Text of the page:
Between the potency of his richly detailed songwriting, his intensely emotional, soulful vocals and his piercing, expert guitar work, New Orleans’ Anders Osborne is a true musical treasure. He is among the most original and visionary musicians writing and performing today. Guitar Player calls him “the poet laureate of Louisiana’s fertile roots music scene.” New Orleans’ Gambit Weekly has honored Osborne as the Entertainer Of The Year. OffBeat named him the Crescent City’s Best Guitarist for the third year in a row, and the Best Songwriter for the second straight year. Osborne also won Song Of The Year for his composition, Louisiana Gold.
Osborne’s latest released Flower Box, his second full-length album of 2016, recorded in his hometown of New Orleans late last year, Flowerbox is a heavier, guitar-driven follow-up to the acclaimed Spacedust & Ocean Views.
“I love the way this record comes out stout and determined right out the gate, a four-piece rock & roll band making beautiful and conquering noise,” says Osborne. “The producer, Mark Howard, has a way of making you play in the moment and being confident. His sounds and engineering style is that of classic records, with his own special sauce of ‘haunting’ on top of it. The musicians on here are undoubtedly some of my absolute favorites in the world, both as players and as people. Their contributions are invaluable. Scott Metzger, Brady Blade, Carl Dufrene, Chad Cromwell, Marc Broussard, David LaBruyere, Rob McNelley & Justin Tocket. Bad boys! I’ve been wanting to make this record for several years and I am stoked it’s finally here.”
A powerful live performer, the musician has won over fans through non-stop touring as well as a heralded collaboration with the North Mississippi Allstars & Southern Soul Assembly.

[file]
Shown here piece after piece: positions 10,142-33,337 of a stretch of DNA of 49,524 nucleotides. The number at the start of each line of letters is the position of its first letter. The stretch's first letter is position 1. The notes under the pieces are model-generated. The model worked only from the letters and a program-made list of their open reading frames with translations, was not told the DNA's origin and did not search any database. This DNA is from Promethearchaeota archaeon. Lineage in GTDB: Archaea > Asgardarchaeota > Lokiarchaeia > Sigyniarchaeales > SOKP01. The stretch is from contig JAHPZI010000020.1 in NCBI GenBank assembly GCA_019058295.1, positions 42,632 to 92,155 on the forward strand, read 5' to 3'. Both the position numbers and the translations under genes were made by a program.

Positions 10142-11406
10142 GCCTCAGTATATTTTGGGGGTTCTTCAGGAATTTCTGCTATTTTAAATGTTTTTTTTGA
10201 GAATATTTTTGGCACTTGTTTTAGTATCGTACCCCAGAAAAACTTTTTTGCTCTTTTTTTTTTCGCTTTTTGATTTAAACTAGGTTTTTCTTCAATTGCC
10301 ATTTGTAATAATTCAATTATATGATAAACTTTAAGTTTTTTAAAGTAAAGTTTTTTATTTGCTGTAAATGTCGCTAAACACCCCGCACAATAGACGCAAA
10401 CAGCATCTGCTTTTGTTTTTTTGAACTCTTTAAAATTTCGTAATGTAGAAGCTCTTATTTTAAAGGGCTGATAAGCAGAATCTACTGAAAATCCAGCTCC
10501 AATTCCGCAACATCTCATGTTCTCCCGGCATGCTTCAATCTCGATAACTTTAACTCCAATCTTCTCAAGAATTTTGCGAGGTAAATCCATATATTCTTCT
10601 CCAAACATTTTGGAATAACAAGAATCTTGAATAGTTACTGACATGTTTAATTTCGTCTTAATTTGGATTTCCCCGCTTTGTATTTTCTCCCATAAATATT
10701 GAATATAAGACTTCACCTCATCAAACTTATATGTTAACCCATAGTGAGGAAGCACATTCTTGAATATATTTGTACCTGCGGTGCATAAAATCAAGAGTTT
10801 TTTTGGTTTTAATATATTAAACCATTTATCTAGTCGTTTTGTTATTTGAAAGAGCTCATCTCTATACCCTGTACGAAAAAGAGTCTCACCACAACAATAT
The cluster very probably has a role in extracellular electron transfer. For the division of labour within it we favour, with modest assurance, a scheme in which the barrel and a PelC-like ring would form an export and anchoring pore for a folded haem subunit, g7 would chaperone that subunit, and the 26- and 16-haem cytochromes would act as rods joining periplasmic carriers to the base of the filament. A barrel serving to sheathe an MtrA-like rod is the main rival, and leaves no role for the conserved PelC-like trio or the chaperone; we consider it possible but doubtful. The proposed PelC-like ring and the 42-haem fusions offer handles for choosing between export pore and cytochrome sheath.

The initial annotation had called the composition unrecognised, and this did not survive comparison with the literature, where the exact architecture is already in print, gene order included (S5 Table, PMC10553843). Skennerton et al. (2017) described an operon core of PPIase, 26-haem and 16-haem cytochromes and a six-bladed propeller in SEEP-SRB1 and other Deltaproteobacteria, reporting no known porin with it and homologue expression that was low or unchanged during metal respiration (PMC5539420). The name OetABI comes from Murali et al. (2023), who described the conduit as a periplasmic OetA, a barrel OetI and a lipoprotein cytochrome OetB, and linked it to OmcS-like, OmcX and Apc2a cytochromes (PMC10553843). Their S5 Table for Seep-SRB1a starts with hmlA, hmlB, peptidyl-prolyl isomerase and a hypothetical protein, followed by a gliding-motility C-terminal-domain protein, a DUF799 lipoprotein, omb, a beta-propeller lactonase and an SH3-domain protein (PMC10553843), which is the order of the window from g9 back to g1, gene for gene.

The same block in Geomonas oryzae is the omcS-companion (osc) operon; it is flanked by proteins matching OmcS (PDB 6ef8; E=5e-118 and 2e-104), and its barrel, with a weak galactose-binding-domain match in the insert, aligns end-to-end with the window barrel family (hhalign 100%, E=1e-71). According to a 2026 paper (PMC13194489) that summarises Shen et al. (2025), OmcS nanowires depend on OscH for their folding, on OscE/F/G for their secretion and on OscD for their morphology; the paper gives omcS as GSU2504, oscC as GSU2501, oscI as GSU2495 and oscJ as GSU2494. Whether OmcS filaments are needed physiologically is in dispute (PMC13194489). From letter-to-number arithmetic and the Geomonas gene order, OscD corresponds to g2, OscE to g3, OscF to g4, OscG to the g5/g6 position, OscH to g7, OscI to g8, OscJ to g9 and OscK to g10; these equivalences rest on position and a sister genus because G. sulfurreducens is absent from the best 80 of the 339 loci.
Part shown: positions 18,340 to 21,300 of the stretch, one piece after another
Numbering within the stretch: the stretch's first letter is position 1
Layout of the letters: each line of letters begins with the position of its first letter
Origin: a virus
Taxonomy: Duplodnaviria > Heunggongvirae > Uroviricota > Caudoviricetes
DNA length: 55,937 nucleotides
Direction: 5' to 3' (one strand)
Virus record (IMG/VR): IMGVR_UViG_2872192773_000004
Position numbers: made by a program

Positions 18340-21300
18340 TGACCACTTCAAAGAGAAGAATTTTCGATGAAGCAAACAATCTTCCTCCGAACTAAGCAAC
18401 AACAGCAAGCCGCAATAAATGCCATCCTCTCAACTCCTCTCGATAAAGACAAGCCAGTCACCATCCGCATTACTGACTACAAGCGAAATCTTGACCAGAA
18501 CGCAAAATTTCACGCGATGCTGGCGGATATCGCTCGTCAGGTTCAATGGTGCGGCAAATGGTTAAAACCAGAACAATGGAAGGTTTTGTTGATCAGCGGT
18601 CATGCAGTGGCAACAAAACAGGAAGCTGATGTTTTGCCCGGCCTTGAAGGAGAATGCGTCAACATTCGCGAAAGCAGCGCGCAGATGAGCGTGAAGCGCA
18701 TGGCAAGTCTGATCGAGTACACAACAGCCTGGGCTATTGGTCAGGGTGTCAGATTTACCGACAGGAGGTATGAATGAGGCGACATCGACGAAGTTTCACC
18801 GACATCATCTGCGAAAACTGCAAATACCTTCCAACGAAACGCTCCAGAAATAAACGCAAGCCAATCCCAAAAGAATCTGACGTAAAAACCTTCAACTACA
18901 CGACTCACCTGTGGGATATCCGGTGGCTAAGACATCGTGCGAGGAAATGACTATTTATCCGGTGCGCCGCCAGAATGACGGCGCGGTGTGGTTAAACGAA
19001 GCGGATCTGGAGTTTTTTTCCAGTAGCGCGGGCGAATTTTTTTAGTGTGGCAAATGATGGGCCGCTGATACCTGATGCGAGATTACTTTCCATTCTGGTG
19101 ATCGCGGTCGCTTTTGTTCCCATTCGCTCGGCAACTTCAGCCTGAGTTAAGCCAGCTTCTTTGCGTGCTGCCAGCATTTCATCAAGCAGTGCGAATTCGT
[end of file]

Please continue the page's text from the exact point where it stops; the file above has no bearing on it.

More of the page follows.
Jambands.com said, “Osborne finds a striking balance of muscle and grace that allows for the smaller moments of quiet to be just as resounding as the sonic booms.” And USA Today has praised his music, saying “The relentless approach amplifies the anguished lyrics, which appear to be about the death of a loved one or a relationship torn asunder or perhaps a spiritual crisis.” In a review of Spacedust & Ocean Views, Boulder Weekly said the album “finds the guitarist in a (largely) reflective mood, an extended meditation on place and moments in time, memory, passages through and exits from paragraphs in the non-fiction docudrama of life. Through languid, gently formed figures, Osborne coaxes odes of gratitude and compelling imagery in what seems a little like a travelogue-like watching his kid chasing seabirds on the beach…”
Osborne has earned hordes of new fans. He has toured virtually non-stop, either with his own band, as a solo artist, or as a guest with his countless musical admirers, including Toots and The Maytals, Stanton Moore, Derek Trucks, Warren Haynes, Keb Mo, The Grateful Dead’s Phil Lesh, Jackie Greene and Karl Denson’s Tiny Universe. He’s produced and played on critically acclaimed albums by Tab Benoit, Johnny Sansone and Mike Zito.
Since his recording debut in 1989, Osborne has written virtually all of his own material and contributed memorable songs to a wide variety of artists. Two tunes co-written by Osborne appear on Keb Mo’s Grammy-winning 1999 release Slow Down. Country superstar Tim McGraw scored a #1 hit with Anders’ song Watch The Wind Blow By. Osborne’s compositions have been covered by artists as diverse as Brad Paisley, Tab Benoit, Jonny Lang, Edwin McCain, Sam Bush, Trombone Shorty and Aaron Neville and Kim Carnes. His songs have appeared in multiple feature films. He can also be seen performing in an episode of HBO’s New Orleans-based drama, Treme.
“Fiery anthems and tumultuous confessional songs punctuated with raw, inspired guitar.“ — USA TODAY
“Rich and glorious…Osborne possesses a voice that rises out of the darkness to the light of a soulful, tremulous wail. He is a consummate showman and shaman, bending successive moments to suit his majestic purposes. Osborne seeks an epic quality to much of his music, crafting layer upon layer of hugely scaled soundscapes.…never lazily derivative…every slashing guitar figure, every cry of a lyric, seems to come from an authentic place.” — New Orleans Times-Picayune